While recounting the obvious benefits from the project, one should not lose sight of the many collateral benefits accruing from the project. With its huge mass of impounded water, the reservoir serves to recharge and build up the downstream ground water storage, and make ephemeral streams flow perennially. Benefits to flora and fauna and the environment in general due to such a build up can well be imagined. The list of such benefits could go on.

salauli dam


  • State:Goa
  • Taluka:Sanguem
  • River:Sanguem (Guleli Nadi)
  • Site of Dam:Lat. 15013’-N Long.74011’-E


  • Catchment Area:209.00 sq Kms. (78.0 Sq. Miles)
  • Min. Annual Rainfall (monsoon rainfall) :3665 mm (144.30 inches)
  • Maximum Design Flood:2883.00 Cu.M/Sec / (1,00,000,00 Cusecs)
  • Maximum Routed Flood:1450.00 Cu.M/Sec / (51,200 Cusecs)


  • Maximum water level:RL 45.50m (149.24 ft)
  • Full Reservoir Level:RL 41.15m (135.00 ft)
  • Minimum Draw down Level:RL 20.42m (67.00 ft)
  • Gross Storage Capacity:234.36m Cu.m (0.19 Ma. ft)
  • Dead Storage Capacity:7.20m Cu.m (0.06 Ma. ft)
  • Live Storage Capacity:227.16m Cu.m (0.184 Ma. ft)


  • Type of dam:Composite Dam (Central masonry/Concrete Duckbill spillway with Earthen Dam on right and left banks.
  • Top of dam:R.L. 47.50 M. (155.80 ft)
  • Length of the dam:1003.83 m. (3293 ft)
  • Height of the dam above the deepest bed level:42.50 m. (136.00ft)


  • Type of Spillway:Ungated Duckbill spilway
  • Maximum head over the crest:4.35 mts.
  • Crest Level:RL.41.15 mts.


(Only one canal on Left Bank)

  • Design discharge of canal:14.0 Cumecs (480 Cusecs)
  • Length of Left Bank:26.73 Kms. (15.79 Miles)


  • Gross Command area:29373 Ha.
  • Cultivable Command area:9686 Ha.
  • Irrigation upto 06-07:14106 Ha.


  • Total area under submergence:2964 Ha.
  • Cultivated area under submergence:1240 Ha.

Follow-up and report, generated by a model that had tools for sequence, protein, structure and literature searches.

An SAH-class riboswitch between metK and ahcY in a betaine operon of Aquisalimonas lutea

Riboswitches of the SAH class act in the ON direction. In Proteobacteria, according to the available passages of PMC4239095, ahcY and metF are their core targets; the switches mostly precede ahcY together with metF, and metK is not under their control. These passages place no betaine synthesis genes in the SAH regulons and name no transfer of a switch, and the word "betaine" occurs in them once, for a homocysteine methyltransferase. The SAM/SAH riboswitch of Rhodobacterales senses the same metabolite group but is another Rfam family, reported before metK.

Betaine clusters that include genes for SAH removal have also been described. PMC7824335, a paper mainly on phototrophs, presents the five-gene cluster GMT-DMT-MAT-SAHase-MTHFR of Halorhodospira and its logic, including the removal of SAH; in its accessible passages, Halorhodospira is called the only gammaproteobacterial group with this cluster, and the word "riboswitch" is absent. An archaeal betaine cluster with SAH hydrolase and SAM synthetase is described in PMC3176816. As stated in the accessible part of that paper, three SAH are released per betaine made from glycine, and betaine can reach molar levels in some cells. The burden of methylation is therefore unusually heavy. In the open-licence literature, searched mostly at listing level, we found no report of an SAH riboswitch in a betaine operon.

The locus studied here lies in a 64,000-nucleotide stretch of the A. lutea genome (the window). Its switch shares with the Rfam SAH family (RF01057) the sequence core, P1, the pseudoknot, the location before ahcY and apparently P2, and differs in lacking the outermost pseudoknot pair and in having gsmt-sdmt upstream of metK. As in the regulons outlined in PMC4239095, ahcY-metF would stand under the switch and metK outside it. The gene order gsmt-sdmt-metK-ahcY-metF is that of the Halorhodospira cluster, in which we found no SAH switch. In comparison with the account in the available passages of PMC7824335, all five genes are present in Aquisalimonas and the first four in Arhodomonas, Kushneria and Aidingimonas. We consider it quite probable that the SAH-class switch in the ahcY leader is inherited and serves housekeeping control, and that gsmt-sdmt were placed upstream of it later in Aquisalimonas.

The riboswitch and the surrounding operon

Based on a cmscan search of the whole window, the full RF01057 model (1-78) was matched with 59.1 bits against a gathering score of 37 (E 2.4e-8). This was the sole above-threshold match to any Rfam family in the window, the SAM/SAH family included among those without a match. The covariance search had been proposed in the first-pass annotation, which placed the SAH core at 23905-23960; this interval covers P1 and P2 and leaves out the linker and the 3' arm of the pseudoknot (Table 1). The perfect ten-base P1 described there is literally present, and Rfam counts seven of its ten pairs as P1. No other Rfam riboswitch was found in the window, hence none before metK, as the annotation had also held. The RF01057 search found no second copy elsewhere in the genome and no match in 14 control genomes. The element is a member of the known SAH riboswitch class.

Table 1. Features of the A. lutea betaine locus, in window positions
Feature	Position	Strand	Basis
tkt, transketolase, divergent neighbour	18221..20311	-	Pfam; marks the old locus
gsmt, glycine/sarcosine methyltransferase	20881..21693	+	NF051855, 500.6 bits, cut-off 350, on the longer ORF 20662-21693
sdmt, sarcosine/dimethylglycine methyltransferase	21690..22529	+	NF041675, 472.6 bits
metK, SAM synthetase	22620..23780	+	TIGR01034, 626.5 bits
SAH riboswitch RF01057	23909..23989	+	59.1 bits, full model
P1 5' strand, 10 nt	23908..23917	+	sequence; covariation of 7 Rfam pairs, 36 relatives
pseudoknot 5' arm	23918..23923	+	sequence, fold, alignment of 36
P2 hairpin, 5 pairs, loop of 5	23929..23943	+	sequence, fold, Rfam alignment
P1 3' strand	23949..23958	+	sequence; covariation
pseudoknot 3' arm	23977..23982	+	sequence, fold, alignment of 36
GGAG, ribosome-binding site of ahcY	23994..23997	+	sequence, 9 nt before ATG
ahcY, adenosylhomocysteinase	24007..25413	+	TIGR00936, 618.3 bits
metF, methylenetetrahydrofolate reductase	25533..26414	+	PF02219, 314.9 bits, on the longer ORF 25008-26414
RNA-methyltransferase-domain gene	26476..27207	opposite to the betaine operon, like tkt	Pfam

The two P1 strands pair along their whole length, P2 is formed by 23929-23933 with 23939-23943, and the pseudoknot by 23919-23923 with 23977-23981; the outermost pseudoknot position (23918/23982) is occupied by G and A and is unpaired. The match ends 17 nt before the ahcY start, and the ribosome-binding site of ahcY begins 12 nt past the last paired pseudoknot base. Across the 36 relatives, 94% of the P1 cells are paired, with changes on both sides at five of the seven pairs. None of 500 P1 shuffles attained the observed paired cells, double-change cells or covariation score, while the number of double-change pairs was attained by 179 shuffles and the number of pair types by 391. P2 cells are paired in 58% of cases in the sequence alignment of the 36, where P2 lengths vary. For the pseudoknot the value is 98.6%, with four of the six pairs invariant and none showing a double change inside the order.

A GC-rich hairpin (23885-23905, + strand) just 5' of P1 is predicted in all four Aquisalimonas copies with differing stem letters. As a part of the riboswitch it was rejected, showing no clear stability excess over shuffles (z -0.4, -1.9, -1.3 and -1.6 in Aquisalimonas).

• Area of forest submergence:706 Ha.
  • Uncultivated Govt. Land:1018 Ha.
  • Total number of villages affected:9 Nos.
  • Total number of families affected:643 Nos.
  • Rehabilitation Colonies:2 Nos. at Valkinim and Vaddem.  Each family is provided with housing plot 400 sq. m. plus an agricultural plot of 1 Ha.  A loan of Rs.13,000.00 per family is also given for construction of house plus cement and timber at subsidised rate.

Welcome to the Department of Water Resources, Goa, India.

Important Links

This Website belongs to Department of Water Resources, State Government of Goa, India.

Search form

Material featured on this site may be reproduced free of charge in any format or media without requiring specific permission. This is subject to the material being reproduced accurately and not being used in a derogatory manner or in a misleading context. Where the material is being published or issued to others, the source must be prominently acknowledged. However, the permission to reproduce this material does not extend to any material on this site, which is explicitly identified as being the copyright of a third party. Authorisation to reproduce such material must be obtained from the copyright holders concerned.
Last Reviewed & Updated on 02 Dec, 2015